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Stonewall founder Simon Fanshawe thinks the dictionary’s definition of freedom is ‘ludicrous’

Lily Wakefield June 1, 2021
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Stonewall founder claims he was 'cancelled' for opposing trans rights

Simon Fanshawe. (Getty/ David M Benett)

Stonewall founder Simon Fanshawe has said it’s “ludicrous” that freedom for trans people would mean, well, the dictionary definition of freedom.

Fanshawe, who in 2019 signed an open letter declaring the charity undermines “women’s sex-based rights” by supporting Gender Recognition Act reform, was one of the 14 people who formed Stonewall in 1989.

According to the Collins English Dictionary, freedom is defined as “the state of being allowed to do what you want to do”, but Fanshawe appears to think this definition is “ludicrous”.

In an op-ed for the Daily Mail, he wrote: “‘Free to Be’, Stonewall’s new slogan claims. It is a ludicrous notion that freedom means that you can just be whatever you want.

“True freedom comes from respecting other people and finding ways to live harmoniously together.

“How bitterly ironic that the only freedom Stonewall won’t embrace is the freedom to disagree.”

Fanshawe insisted that Stonewall “has become single-mindedly focused on a particular and by no means universally accepted approach to trans rights”.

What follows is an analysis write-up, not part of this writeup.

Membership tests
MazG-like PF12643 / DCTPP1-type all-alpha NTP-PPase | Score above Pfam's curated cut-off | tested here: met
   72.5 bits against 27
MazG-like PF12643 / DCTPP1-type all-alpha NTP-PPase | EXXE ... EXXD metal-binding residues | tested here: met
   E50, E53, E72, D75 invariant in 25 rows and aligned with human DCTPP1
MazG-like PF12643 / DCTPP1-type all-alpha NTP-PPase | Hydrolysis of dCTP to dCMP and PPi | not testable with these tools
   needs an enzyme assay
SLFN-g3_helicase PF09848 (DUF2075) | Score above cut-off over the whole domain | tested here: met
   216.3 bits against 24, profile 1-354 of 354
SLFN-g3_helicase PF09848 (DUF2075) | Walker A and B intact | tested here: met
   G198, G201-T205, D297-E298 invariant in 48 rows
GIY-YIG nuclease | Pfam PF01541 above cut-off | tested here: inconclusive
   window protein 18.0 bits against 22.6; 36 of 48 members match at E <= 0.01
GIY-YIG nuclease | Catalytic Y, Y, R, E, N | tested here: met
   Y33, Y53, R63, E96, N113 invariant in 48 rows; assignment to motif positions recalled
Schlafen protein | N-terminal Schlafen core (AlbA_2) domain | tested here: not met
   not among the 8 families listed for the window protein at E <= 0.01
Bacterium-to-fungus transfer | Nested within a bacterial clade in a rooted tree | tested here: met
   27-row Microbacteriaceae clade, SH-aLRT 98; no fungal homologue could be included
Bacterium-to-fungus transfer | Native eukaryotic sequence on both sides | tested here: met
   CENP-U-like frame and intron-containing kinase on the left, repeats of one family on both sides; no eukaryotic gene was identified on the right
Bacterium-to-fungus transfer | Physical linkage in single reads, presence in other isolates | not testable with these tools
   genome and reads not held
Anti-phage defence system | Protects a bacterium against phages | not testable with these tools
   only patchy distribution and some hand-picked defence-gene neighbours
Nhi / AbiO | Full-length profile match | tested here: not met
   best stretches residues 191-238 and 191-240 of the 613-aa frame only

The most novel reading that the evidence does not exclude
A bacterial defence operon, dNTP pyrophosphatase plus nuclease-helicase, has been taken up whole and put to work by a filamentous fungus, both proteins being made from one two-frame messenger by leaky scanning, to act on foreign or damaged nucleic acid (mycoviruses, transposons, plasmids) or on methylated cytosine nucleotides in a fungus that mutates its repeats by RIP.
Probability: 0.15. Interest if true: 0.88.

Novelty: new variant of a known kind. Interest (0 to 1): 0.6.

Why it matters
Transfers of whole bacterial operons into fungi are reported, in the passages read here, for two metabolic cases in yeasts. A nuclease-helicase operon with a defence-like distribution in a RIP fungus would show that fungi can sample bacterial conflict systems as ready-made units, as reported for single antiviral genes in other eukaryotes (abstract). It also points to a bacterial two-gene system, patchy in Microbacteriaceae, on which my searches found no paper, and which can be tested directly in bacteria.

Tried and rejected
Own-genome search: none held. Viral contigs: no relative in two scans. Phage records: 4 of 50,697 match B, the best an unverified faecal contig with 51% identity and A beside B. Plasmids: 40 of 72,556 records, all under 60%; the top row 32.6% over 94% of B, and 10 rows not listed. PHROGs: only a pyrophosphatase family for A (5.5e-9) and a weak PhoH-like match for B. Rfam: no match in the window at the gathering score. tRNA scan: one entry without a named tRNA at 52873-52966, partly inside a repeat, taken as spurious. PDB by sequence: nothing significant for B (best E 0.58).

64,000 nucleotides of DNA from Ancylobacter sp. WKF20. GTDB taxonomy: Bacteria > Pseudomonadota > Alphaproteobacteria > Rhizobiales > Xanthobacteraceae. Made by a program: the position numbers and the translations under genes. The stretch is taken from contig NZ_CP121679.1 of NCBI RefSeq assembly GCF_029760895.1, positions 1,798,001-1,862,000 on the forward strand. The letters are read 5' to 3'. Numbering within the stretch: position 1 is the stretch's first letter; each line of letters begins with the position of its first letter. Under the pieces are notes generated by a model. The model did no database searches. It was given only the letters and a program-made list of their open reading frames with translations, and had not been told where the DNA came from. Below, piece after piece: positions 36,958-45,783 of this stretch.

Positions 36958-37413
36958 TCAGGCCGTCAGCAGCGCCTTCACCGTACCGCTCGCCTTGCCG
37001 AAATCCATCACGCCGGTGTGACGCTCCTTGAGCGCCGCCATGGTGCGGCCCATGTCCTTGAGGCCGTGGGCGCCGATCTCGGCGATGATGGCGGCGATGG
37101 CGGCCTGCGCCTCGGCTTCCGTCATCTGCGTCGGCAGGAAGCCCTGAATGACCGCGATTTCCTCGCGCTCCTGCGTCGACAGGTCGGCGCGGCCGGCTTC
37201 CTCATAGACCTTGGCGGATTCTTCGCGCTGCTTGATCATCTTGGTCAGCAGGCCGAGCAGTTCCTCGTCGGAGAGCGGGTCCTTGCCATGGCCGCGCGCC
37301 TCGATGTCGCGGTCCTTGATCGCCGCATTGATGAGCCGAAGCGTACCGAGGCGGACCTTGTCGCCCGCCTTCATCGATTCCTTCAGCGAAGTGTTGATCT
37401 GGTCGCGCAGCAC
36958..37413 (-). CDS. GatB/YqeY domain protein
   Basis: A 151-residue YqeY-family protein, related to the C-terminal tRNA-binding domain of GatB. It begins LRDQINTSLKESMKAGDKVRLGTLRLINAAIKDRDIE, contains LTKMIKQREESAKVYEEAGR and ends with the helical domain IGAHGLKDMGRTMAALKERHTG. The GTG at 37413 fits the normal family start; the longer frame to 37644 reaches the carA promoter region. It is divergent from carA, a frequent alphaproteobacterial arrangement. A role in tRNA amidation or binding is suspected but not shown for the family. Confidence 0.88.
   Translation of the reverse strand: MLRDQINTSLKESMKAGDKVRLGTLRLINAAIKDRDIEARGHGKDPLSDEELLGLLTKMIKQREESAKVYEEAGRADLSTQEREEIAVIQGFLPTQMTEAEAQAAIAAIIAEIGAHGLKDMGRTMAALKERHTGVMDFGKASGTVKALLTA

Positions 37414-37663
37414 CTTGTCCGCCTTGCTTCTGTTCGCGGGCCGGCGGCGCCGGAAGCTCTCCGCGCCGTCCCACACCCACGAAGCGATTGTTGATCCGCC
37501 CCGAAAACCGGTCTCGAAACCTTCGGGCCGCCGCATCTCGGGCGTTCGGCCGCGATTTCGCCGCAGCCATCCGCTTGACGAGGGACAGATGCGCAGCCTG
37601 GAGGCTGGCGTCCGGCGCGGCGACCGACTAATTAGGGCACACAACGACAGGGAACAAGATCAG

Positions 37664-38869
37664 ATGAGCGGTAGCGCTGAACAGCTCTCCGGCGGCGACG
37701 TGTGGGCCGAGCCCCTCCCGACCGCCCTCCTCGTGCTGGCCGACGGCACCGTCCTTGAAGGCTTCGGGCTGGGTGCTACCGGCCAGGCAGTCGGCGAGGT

Recalling the good old days before trans people were even included in the charity’s work, the Stonewall founder said: “The lesbians, gays and bisexuals (it used, after all, to be just ‘LGB’ before it became ‘LGBTQ+’) that Stonewall was set up to defend have been all but abandoned by an organisation now pushing a divisive dogma.

“I have watched all this with mounting anger and sorrow but also fear, because this is not a minor chapter in the culture wars, but something that affects every single person living in the UK today.”

Fanshawe cited the fact that equalities minister Liz Truss is encouraging government departments to withdraw from the Stonewall Diversity Champions programme as proof that “many gay and trans people” were “alarmed” by the charity’s pro-trans rights stance and support of self-identification.

He said his criticisms of the organisation were “painful” to express, and went on to describe all of the amazing successes Stonewall has contributed to for gay, lesbian and bisexual people in the UK.

In an unintentionally ironic statement that could just as easily be applied to trans rights, he added: “We did not ask for more than straight people had, nor did we want them to give anything up. In the end, it was simply a question of fairness: a virtue the British have always prized.”

Last month, Stonewall chief executive Nancy Kelley addressed criticism by Fanshawe and another Stonewall co-founder, former Tory MP Matthew Parris, over the charity’s support of trans rights.

She wrote on Twitter that there had been a lot of “media covering the fact that a couple of our founders think we shouldn’t advocate for the rights of trans people”, and added: “Founder syndrome is a whole thing in charity world… The baby grew up, you see, and it didn’t grow up into quite the person they imagined.”

She added that the “surprising thing” about Stonewall’s founders was “not that a couple of them disagree with our inclusive stance, but that “so many of them are still right by our side” and are “powerful, compassionate activists for all LGBTQ+ people” 32 years on from its founding.

Related topics: Simon Fanshawe, Stonewall, trans rights, transphobia

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